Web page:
Can an additional 6700 new international students be attracted to the Northern Territory by 2025?
Territory Alliance party secretary and Charles Darwin University (CDU) lecturer Dr Danial Kelly (pictured) does not think so. He thinks it’s classical government spin.
Education is Australia’s most lucrative export industry after iron ore and coal.
Last week the Gunner Labor Government was spruiking a 62% increase of international students in the Northern Territory in the three years since 2016.
Percentages can be misleading, so what are the raw numbers?
At the end of 2019, 3300 international students were studying in the Northern Territory, an increase of 1270 students since the 2016 figure of 2030.
Last week CM Michael Gunner said: “It is important we support those sectors that drive ongoing permanent jobs in the Northern Territory. One of those priority sectors is international education.
“Since 2016 we have seen a 62% growth in student numbers in the Northern Territory and 25% in the last year, so this is an important area for us.
“Every [foreign] student is worth about $40,000 a year to the Territory economy, but they also bring something that’s priceless – they bring energy, they bring spirit, they work around our local community.”
Mr Gunner says the education sector is worth about $113m to the economy.
“We are targeting a big number. 10,000 [international students] by 2025.”
Is 6700 more students achievable in five years?
2025 stretches beyond the 2024 election and into the next term for whomever is in government then.
If they come, most of these students will be headed for Charles Darwin University, but is CDU up to the challenge?
As has been widely reported CDU is struggling financially, posting a $21m deficit last year and cutting about 100 jobs.
Dr Kelly doubts whether the 10,000 target is achievable.
“Territory Alliance is anti-spin so we can’t agree with the numbers being put forward by Mr Gunner,” he says.
“Territory Alliance would love to see 10,000 international students in the NT by 2025 but that is an unrealistic goal given that the current international student population of CDU is about 4,000 and it has taken decades to get it to that level.
“Also, CDU’s international student numbers actually dropped significantly in 2017/2018 and there is nothing persuasive coming from CDU or the Labor government to suggest that the downturn will soon be followed by a massive increase.”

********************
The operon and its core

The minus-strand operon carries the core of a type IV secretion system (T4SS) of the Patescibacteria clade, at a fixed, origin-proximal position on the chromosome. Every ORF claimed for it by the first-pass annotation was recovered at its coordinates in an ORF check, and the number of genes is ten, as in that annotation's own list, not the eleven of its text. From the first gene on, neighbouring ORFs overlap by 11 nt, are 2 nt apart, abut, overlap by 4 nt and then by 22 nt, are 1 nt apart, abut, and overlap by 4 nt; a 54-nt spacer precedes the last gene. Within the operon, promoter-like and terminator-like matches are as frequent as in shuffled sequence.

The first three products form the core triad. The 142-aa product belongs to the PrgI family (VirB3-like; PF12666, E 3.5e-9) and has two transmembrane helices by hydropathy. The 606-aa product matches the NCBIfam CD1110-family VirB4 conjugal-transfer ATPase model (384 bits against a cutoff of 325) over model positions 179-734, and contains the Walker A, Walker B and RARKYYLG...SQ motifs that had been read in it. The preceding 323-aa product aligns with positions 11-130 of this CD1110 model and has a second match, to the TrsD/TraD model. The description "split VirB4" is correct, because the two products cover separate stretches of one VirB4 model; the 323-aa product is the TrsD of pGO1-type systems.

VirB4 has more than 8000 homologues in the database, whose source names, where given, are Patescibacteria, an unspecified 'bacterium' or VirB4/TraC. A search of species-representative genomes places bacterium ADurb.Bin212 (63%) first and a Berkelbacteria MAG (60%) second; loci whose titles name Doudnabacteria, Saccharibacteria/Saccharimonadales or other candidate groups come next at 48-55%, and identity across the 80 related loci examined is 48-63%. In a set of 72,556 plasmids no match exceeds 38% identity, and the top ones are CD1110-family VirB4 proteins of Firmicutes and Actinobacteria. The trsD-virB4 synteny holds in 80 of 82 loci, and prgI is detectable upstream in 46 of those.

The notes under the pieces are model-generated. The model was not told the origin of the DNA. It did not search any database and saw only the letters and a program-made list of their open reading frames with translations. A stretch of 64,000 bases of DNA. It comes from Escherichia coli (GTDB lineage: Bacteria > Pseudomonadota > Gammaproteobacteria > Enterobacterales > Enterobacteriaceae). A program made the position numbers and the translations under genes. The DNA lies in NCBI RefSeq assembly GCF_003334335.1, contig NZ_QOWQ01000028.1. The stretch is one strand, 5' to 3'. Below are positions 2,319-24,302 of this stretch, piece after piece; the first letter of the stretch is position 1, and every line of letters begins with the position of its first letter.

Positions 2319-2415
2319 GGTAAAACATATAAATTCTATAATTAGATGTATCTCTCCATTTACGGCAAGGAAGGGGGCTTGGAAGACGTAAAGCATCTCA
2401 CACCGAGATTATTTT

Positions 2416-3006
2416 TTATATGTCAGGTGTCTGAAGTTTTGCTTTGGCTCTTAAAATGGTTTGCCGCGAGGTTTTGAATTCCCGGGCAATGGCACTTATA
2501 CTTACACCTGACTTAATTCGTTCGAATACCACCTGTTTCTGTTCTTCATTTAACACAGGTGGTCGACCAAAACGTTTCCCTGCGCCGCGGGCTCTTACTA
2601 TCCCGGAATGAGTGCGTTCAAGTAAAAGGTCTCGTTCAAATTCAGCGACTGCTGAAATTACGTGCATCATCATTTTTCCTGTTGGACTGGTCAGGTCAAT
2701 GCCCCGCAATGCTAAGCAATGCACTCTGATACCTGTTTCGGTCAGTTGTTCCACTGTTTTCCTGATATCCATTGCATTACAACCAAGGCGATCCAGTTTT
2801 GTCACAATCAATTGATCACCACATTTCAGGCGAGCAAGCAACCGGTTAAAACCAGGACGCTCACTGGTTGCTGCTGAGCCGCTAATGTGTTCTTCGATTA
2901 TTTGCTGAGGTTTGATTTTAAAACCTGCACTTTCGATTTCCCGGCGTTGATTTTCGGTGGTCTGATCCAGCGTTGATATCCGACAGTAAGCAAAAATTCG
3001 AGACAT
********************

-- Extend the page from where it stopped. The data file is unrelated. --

Dr Kelly is standing for the Darwin based seat of Casuarina at the August election.
He also questions Mr Gunner’s $40,000 per student economic injection figure.
“It is misleading to say every international student is worth about $40,000 a year to the Territory economy because that sounds like $40,000 per student being added to the NT economy from outside, that is, export revenue.
“The fact is that most international students pay for most of their tuition fees by working in the NT when they are not studying.”
Dr Kelly also concedes that eastern states are preferred education destinations.
“The NT is not a natural or obvious destination for international students coming to Australia. Most international students think of Sydney first, then maybe Melbourne, when they think of studying in Australia.
“The StudyNT office do a great job in representing NT education to the world but our political and education leaders need to better engage with viable markets and design more intelligent policies to attract international students to the NT.”
Last week Mr Gunner promised more promotion in Asia and South America.
“This year, we will keep selling the Northern Territory overseas in target markets like India, Nepal and China,” said Mr Gunner.
“I am very pleased to say that both Bangladesh and Brazil are [also] in our Top 10 category for [international students coming] into the Northern Territory.”
[Mark J Smith was formerly a political and policy adviser to the Government of South Australia.]